- NGO alleges systemic corruption in Uganda's mining sector
- Report cites instances of bribery, human rights abuses and environmental damage
- Uganda's gold rush has seen exports climb over 140000% since 2014
(CNN)Uganda's mineral industry has enjoyed a spectacular surge in recent years.
Gold exports reached $340 million in 2016, according to official figures, up from $237,000 in 2014. New mining sites are opening across the country, creating jobs for thousands of people.
But a new report from environmental NGO Global Witness claims there is a dark side to the boom, that the mineral sector is fueling corruption, conflict, human rights abuses, and environmental damage.
The 18-month investigation "Uganda: Undermined" draws on interviews with miners, company executives, government officials, and industry experts to paint a stark picture of the sector.
"Our investigations show that Uganda's mining sector is characterized by corruption, mismanagement and high level political influence," says George Boden, Uganda campaign leader at Global Witness. "Impunity is endemic and attempts at reform have all failed in the face of entrenched interests."
License to shill?
The report alleges systemic corruption at the Directorate of Geological Survey and Mines (DGSM), the government body that awards mining licenses, operating under the Ministry of Energy and Mineral Development (MEMD).
"Corruption has become institutionalized at the Directorate," the report claims. "It is almost impossible to obtain licenses from the DGSM without making payments to certain DGSM mining officials...(and) Directorate officials are expected to provide preferential treatment to companies favored by the political elite."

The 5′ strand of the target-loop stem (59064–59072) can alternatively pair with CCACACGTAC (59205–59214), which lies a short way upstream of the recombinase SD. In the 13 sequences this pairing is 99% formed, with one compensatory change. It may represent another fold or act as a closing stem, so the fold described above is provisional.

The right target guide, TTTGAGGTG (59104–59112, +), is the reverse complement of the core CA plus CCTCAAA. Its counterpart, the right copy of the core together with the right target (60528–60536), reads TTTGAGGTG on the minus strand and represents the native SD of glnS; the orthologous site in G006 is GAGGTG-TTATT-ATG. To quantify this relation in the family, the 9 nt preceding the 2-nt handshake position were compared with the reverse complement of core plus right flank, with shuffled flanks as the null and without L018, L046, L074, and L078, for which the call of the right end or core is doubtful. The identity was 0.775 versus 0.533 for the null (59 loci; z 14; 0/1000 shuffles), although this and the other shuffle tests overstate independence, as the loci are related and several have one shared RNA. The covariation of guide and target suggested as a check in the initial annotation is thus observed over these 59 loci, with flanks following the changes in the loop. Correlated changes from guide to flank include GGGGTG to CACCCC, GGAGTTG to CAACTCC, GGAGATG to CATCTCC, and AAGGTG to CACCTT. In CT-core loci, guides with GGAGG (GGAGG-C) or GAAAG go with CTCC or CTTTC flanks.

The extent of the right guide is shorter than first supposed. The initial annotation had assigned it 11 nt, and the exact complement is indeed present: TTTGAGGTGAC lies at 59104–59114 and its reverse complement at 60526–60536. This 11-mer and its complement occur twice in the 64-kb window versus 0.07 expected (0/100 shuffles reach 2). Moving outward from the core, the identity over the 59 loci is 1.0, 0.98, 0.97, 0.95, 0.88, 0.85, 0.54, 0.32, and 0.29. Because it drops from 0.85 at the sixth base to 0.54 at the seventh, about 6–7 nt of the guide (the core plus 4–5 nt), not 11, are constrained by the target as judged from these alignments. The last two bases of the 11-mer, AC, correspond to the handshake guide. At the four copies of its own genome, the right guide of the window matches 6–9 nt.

Global Witness cites cases of senior DGSM staff simultaneously serving as directors at companies applying for licenses, in apparent conflicts of interest.
The NGO also reports complaints from staff who say their decisions were overridden in favor of investors with political connections.
A spokesperson for the MEMD acknowledged problems with the licensing process and told CNN it is under review.
"Some of the issues raised by the report such as licensing are bought about because of weaknesses and loopholes in mining policy and laws," the spokesman said. "The ministry is currently reviewing these policies and we hope that some of these challenges will be cleaned up."
The report also highlights environmental damage caused by the lax licensing regime.
The Ugandan government's mining cadaster shows that licenses have been issued inside many of the country's protected sites, including the UNESCO-certified Rwenzori and Bwindi national parks. The latter is home to nearly half of the world's population of endangered mountain gorillas.
The report quotes one license holder, MP Elizabeth Karungi, claiming to have secured a permit inside Bwindi through personal connections to another government official.
When contacted by CNN, Karungi confirmed receipt of the license, but said that the site had not been excavated.
Such incursions are "dangerous for conservation efforts" said Dan Kaweesi of the Uganda National Commission for UNESCO.
"We risk losing the world heritage site status for the two sites involved," he added. "This is bad news for heritage preservation."